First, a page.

Dania Beach, Fla. (October 24, 2023)

William Dyckman featured in Chicago Cooperator

Part of the appeal of HOA or condo living is living in an orderly, well-kept community where neighbors have agreed to uphold certain standards for their properties. For many, those standards include the aesthetic choices residents make for the exterior of their unit and its immediate surroundings—anything from window shutters to paint colors, mailbox placement to lawn ornamentation, and holiday decor. 

William Dyckman, high-rise community association manager at FirstService Residential in Chicago, explains that in his client buildings, there is a rule that allows for small religious artifacts to be affixed to the side of unit doors.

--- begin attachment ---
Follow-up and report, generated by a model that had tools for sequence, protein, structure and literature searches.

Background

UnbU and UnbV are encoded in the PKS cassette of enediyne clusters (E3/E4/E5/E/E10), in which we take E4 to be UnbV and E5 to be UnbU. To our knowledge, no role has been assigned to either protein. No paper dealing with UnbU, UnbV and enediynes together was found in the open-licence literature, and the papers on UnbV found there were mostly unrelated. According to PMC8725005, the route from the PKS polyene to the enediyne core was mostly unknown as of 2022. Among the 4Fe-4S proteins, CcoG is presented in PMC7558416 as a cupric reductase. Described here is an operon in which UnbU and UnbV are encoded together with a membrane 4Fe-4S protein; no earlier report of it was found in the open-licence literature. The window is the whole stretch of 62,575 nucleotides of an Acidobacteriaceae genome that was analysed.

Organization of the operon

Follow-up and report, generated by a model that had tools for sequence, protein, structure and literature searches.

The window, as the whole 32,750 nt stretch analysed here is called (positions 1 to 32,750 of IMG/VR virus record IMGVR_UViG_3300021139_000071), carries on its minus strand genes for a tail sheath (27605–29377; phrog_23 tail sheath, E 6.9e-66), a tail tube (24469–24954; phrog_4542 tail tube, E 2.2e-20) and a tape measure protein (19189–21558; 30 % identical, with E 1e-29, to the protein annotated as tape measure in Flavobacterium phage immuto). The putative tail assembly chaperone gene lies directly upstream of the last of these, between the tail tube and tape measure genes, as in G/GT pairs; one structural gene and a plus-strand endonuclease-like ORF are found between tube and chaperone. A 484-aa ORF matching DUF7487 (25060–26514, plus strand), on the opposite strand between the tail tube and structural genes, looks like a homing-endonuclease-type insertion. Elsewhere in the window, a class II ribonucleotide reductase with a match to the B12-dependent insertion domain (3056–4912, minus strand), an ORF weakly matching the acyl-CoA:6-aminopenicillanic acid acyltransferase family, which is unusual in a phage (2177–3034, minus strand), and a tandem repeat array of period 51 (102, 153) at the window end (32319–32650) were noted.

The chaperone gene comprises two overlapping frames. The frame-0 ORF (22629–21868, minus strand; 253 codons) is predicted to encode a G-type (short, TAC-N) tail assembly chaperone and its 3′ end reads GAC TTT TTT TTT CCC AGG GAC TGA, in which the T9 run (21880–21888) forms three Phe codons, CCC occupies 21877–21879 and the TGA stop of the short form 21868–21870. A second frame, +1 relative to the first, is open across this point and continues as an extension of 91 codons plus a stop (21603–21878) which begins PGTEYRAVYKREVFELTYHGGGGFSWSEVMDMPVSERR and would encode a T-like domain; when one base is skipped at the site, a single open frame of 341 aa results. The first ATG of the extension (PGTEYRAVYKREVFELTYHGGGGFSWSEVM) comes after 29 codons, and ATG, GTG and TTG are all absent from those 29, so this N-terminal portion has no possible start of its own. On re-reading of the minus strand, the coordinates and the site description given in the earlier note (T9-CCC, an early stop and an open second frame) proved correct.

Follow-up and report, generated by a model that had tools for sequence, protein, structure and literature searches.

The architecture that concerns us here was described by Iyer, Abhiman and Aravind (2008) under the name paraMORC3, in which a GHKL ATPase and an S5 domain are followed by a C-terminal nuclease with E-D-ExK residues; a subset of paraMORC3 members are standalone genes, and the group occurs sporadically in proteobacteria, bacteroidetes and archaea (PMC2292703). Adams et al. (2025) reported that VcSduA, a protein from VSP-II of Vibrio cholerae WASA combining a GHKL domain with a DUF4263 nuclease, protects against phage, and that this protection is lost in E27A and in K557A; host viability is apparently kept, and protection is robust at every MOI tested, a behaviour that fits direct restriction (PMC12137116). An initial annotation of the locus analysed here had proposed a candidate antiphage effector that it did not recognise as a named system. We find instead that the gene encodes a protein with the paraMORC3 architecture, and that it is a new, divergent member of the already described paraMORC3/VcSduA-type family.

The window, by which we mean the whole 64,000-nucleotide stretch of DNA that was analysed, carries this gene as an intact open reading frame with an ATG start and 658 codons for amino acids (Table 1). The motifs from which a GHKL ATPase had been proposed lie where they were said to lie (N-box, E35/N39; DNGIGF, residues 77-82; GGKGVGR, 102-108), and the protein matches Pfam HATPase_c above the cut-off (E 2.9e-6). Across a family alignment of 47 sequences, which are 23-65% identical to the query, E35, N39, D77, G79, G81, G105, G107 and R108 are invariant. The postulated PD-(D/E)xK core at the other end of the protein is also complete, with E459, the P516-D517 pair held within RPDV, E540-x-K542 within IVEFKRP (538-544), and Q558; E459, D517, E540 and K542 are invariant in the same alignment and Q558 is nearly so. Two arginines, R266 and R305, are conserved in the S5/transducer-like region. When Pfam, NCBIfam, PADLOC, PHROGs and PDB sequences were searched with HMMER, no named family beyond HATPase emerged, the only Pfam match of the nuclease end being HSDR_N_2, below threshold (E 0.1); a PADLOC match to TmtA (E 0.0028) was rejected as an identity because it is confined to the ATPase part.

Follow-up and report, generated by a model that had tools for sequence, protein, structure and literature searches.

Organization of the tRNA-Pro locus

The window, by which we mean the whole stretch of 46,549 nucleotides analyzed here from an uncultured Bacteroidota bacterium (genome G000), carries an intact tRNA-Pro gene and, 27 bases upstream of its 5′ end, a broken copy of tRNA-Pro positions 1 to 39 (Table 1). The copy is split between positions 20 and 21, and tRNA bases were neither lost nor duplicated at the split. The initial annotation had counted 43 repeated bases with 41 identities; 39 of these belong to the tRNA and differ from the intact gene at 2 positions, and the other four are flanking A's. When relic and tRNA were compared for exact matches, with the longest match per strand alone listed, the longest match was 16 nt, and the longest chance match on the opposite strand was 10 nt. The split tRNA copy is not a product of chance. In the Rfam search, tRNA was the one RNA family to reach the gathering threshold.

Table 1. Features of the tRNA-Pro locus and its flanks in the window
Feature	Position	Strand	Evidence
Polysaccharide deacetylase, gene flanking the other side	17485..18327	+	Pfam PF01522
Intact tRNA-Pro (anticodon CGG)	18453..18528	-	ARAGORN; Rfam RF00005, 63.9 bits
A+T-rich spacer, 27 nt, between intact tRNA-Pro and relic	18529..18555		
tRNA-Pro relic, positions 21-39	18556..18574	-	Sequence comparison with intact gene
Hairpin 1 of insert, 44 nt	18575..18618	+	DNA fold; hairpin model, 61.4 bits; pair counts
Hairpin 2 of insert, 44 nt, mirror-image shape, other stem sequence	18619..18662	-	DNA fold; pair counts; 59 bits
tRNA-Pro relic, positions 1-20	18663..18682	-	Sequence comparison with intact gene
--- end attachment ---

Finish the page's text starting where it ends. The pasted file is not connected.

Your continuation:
“Most residents do not have anything, but some residents put artifacts or rolled up scripture in their door frame,” he says. Aside from those items, “residents have full freedom of expression within the confines of their actual unit. But the common area, hallways, and unit doors are the property of the association and are therefore under the governing documents.”

Management pros—as well as realtors—say it’s important to think about how your building or association would look if the residents had completely free reign and how it could affect the property’s bottom line when it comes to attracting buyers and setting sales prices.

Believe it or not, “property values are affected when people leave out their shoes or decide to leave garbage in a hall to throw it away later when it’s against the rules,” says Dyckman. “Then you have a showing, and the people think those are the standards of the building, and they may opt not to purchase there.” 

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Oct 24, 2023